- The increasing risk of an economic recession is putting pressure on German officials to explore ways to open the coffers a bit more.
- Media reports out earlier this week suggested that Berlin is considering a "shadow budget," which would allow it to take on new debt through new independent public agencies, without including the numbers under its federal budget.
There's a change in attitude in Germany when it comes to its spending plans, analysts have told CNBC.
Germany is actively looking at ways to invest more — a move that could be controversial in a country where a balanced budget has become somewhat a tradition. However, the increasing risk of an economic recession is putting pressure on German officials to explore ways to open the coffers a bit more.
Data out of Germany has been quite disappointing over the last half a year, leading many analysts to consider the chances of a recession. The German statistics office showed last month that the German economy contracted by 0.1% in the second quarter of this year.
"I think the (German) government is still not too concerned about a real recession, but they are finally opening up for the long-discussed need for more investments," Carsten Brzeski, chief economist at ING Germany told CNBC via email Tuesday.
Media reports out earlier this week suggested that Berlin is considering a "shadow budget," which would allow it to take on new debt through new independent public agencies, without including the numbers under its federal budget.
This, in theory, should give Germany more leeway to spend in infrastructure and climate policies. At the same time, its balanced budget — one where revenues match or outweigh expenditure — should not be impacted. Price stability is seen as a key part of the German psyche following a prolonged period of hyperinflation in the Weimar Republic in the 1920s.
"A shadow budget could be a good way to pass the holy cow of constitutional debt brake," Brzeski also said.
The German constitution includes a rule called "debt brake," which basically forces its leaders to present budgets without structural deficits or a very limited deficit. Since 2014, the largest European economy has managed to raise public spending without adding new debt — registering a record budget surplus of 58 billion euros ($65 billion) in 2018. However, politicians across the various parties in the Bundestag are wary of using that buffer to spend more due to public opinion.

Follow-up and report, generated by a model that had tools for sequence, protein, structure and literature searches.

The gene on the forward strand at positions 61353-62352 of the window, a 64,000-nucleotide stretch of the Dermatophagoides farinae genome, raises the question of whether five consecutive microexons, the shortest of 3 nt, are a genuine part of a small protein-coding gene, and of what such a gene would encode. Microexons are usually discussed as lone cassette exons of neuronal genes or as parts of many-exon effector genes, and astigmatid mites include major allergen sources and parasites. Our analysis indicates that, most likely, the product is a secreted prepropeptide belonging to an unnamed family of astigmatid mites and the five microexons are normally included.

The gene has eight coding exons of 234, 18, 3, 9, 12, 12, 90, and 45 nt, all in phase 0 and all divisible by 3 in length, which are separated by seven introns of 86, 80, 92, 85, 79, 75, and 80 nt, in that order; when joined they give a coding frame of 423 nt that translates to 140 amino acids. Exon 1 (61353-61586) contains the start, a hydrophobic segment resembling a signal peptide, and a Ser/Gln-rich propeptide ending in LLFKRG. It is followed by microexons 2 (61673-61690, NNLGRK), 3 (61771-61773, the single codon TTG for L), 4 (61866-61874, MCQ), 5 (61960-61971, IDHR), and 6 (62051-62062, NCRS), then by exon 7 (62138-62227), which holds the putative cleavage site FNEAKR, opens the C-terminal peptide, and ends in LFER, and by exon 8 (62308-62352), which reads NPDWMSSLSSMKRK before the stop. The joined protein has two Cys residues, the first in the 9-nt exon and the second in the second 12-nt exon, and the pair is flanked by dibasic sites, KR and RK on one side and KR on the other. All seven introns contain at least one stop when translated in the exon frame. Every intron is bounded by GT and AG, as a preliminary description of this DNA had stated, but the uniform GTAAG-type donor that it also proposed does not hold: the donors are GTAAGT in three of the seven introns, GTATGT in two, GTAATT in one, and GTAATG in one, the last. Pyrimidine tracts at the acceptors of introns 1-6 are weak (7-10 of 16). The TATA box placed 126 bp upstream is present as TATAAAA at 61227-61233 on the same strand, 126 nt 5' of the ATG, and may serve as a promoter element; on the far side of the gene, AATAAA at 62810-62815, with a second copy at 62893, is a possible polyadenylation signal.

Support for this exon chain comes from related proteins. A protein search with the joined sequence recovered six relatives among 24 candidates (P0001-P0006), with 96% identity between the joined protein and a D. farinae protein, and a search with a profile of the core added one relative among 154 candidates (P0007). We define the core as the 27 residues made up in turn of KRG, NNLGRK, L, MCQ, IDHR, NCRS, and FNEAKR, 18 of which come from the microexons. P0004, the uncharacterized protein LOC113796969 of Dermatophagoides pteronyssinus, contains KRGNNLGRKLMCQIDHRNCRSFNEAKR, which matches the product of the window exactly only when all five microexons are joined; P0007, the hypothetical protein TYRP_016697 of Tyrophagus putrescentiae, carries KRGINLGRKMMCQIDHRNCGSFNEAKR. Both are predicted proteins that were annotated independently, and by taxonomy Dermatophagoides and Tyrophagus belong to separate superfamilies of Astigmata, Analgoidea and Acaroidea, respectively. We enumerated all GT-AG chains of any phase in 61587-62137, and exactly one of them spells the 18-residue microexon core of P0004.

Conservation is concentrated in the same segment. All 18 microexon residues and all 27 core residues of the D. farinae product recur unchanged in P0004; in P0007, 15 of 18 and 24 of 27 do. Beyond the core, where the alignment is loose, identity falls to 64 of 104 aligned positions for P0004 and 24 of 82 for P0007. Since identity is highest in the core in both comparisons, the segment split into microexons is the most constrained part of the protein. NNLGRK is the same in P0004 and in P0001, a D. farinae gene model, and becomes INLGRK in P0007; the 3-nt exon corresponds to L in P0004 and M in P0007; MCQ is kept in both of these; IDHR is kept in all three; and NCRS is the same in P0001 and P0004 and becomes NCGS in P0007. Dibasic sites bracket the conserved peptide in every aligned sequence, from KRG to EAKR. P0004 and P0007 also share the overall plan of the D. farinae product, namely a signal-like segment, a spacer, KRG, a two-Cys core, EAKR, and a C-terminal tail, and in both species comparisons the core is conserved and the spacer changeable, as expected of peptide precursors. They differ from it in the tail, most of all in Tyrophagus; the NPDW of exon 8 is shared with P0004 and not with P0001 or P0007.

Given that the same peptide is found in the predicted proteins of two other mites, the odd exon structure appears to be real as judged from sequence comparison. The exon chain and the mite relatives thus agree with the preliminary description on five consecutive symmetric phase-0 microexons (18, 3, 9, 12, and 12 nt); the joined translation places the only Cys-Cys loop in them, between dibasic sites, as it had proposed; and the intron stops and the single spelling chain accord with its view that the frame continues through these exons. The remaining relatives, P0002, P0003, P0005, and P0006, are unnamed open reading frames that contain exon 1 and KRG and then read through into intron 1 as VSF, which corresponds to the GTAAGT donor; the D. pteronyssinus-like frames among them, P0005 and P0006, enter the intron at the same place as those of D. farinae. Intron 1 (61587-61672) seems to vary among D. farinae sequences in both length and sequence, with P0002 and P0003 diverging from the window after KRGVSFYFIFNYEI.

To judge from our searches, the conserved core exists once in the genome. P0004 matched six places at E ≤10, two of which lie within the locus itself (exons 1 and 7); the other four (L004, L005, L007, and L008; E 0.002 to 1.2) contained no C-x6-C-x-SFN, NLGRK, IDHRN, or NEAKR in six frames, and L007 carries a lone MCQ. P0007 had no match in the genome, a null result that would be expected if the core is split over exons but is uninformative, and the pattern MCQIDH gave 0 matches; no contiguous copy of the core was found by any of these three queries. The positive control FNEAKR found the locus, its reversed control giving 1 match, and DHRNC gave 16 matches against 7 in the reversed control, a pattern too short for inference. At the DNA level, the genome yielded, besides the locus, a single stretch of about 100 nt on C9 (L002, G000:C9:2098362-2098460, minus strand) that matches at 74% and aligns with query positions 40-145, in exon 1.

In this context, Chancellor Angela Merkel said Tuesday that the balanced budget was not at risk. "As a federal government, we take seriously the responsibility for a solid budget policy," she said, according to Reuters. "And I can assure you that we are sticking to the goal of a balanced budget," Merkel added.
Brzeski explained that changing the debt break would "take too long." Thus, having a shadow budget, or even some kind sovereign wealth fund, "would be a good way out."
"It increasingly looks as if the government will link (any new investment) to climate change. This topic will also get broad support," he added.
Guntram Wolff, an economist and director of the think-tank Bruegel, told CNBC that the German "government is actively looking into creating a shadow vehicle to fund green investments. They do so more to tackle climate change than to fend off a recession."
He added on Twitter that the German discussion on a shadow budget is a "good example of how political ideology and rigid rules on debt lead to fiscal gimmicks."
Correction: This story has been updated to correct the period of hyperinflation in the Weimar Republic from 1930s to 1920s.